September 24, 2022


It’s Carlton and Collingwood. It’s navy blue versus black and white. It’s tens of thousands of screaming fans at the MCG — and it’s the biggest rivalry in the AFL.

The 262nd and latest instalment will come on Sunday afternoon at the headquarters of AFL, as the Blues and Magpies come together in front of an expected crowd of 85,000-plus, with a lot on the line for both sides.

But why is the rivalry so intense? What are its origins? What keeps it going to this day?

1910 — The brawl, the statement and Tom Baxter’s clearance

The 1910 VFL grand final at the MCG is widely accepted as the source of all the animus between the two teams and their supporters.

That year, the Collingwood side contained two members of the Magpies’ eventual Team of the Century, in future legendary eight-time premiership coach Jock McHale playing in midfield and Dick Lee — who would go on to kick more than 700 goals for the club — at full-forward.

The Blues’ side was led by captain-coach Fred Elliott, who would become the first man to play 200 VFL games. The side also contained half-back flankers Billy Payne and Norm Clark, who had been part of Carlton’s first three flags between 1906 and 1908 — and Clark would later coach Carlton to two more premierships. 

That 1910 match was won by the Magpies, but was overshadowed by a wild brawl in the final quarter involving most of the players on the ground and a few people from off it.

The fallout saw one player from each side banned for 18 months, and one each for 12 months. The Pies appealed against the decision to ban rover Tom Baxter for a year, producing a written statement from teammate Richard Daykin that he had been in the brawl, not Baxter. 

That move paid off: The VFL accepted Daykin’s written explanation, Daykin retired from the league and headed to Western Australia. Baxter got off and went on to be Collingwood’s leading goal-kicker in 1911.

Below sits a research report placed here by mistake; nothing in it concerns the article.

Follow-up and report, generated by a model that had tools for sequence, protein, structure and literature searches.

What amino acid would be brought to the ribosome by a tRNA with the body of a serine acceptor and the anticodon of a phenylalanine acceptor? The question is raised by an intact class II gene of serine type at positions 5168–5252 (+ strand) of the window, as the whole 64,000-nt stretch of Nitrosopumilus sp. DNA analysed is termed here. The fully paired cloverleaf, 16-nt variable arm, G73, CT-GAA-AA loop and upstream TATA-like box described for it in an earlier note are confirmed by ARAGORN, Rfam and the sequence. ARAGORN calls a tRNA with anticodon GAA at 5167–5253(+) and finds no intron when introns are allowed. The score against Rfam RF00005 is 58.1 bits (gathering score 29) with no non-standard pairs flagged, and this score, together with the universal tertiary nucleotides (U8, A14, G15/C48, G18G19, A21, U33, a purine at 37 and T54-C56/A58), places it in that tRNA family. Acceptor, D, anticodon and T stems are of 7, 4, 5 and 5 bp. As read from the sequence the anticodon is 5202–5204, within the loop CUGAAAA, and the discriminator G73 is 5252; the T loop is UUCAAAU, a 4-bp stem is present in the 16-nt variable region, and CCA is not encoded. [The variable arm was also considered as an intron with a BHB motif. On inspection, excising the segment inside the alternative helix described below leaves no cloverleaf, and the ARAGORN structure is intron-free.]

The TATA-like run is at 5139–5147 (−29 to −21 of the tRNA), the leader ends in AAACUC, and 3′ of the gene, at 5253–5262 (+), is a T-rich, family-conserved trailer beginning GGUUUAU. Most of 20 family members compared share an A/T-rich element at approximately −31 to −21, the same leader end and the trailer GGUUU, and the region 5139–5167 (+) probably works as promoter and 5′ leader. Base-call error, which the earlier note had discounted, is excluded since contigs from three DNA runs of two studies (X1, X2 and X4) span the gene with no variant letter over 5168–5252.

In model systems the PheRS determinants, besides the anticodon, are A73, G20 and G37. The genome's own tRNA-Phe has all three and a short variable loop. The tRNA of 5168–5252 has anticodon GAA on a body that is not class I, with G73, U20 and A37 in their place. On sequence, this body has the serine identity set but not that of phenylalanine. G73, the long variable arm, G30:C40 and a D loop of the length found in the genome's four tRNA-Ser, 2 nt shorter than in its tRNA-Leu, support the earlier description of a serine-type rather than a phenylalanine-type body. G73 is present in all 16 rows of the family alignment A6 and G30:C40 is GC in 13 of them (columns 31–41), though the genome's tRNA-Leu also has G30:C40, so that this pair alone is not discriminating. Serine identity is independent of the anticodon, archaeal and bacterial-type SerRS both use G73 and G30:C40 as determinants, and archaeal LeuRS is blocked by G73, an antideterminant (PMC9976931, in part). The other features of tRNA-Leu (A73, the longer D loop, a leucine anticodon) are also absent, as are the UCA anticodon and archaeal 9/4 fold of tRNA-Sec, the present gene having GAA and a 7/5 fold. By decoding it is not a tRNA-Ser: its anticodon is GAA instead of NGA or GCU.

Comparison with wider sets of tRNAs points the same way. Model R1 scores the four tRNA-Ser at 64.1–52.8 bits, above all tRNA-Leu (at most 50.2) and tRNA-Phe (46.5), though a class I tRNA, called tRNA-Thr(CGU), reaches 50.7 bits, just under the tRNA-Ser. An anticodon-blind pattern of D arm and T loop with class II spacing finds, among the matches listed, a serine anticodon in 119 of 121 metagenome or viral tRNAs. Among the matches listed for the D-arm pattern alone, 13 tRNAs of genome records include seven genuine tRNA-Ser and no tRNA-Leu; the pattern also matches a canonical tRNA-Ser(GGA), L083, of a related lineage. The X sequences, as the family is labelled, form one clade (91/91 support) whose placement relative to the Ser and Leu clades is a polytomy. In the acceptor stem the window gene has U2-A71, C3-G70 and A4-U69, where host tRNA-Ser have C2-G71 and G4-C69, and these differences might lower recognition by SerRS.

The Blues have not forgiven their rivals in more than a century since.

1979 — The Blues prevail over the Pies, thanks to Wayne Harmes and THAT punch from the boundary

However, if 1910 still burns in Carlton hearts, then the mere mention of the 1979 decider is guaranteed to produce a fiery response from any Pies follower, muttering about umpires and boundary lines and Wayne Harmes.

In the midst of the infamous ‘Collywobbles’ — the Magpies’ run of eight grand finals made over 32 years for eight straight losses — Collingwood played Carlton in 1979, and led for much of the first half before the Blues hit back to take the lead.

With the game in the balance in the final term, and Carlton leading by four points, Harmes skewed his kick in wet, muddy conditions. He then chased after his own footy and launched himself at the ball on the boundary in the right forward pocket.

This was one of football history’s big moments. Tens of thousands of Magpie fans at the ground, and countless more elsewhere, would forever swear the ball was over the line when Harmes punched it back inboard with his fist.

On the other hand, Blues supporters would remain gleefully adamant it was perfectly fair, with the ball sitting up in the goal square for Ken Sheldon to run in and shark it for the sealer. 

Blues president George Harris did his bit to ensure the rivalry would not lose its bite any time soon, with his one-liner:

“What’s better than beating Collingwood by 10 goals? Beating them by five points.”

That day of controversy has spurred arguments, set up bragging rights and filled quiz nights for two generations.

What makes a rivalry? ‘Hatred’, Blues’ Maclure says

A Carlton VFL player with a clenched fist watches his handball fly through the air as a Hawthorn defender closes in.
Former Carlton captain Mark Maclure played 243 times for the Blues, including 28 matches against rivals Collingwood.(Getty Images)

At centre half-forward that day was Blues great, now ABC Sport broadcaster Mark Maclure. 

Asked about 1979, Maclure says: “Harmes won it … [Collingwood] lost it, like every grand final they’d got to [during the Collywobbles], they lost that.”

Maclure played 243 games for Carlton — including 28 against the Magpies — won three premierships and was captain for his final season in 1986. The excitement is clear in his voice as he talks about the history between Carlton and Collingwood, and his own experiences.

“What makes a rivalry? ‘Hatred’,” he says. “Have you heard of that?”

“The players, they have a job to do. I played a lot on Billy Picken, who sadly passed away recently.

“He was great. I liked him. I loved [playing against Collingwood].

“If you played [Collingwood] in a grand final back then, there could be 113 [thousand], 115 thousand people there. it was just incredible.”

(Seating at the MCG has since been refigured and the stadium holds far less these days.)

He recalls the roar of the crowd in those matches as “extraordinary” and “unparalleled”.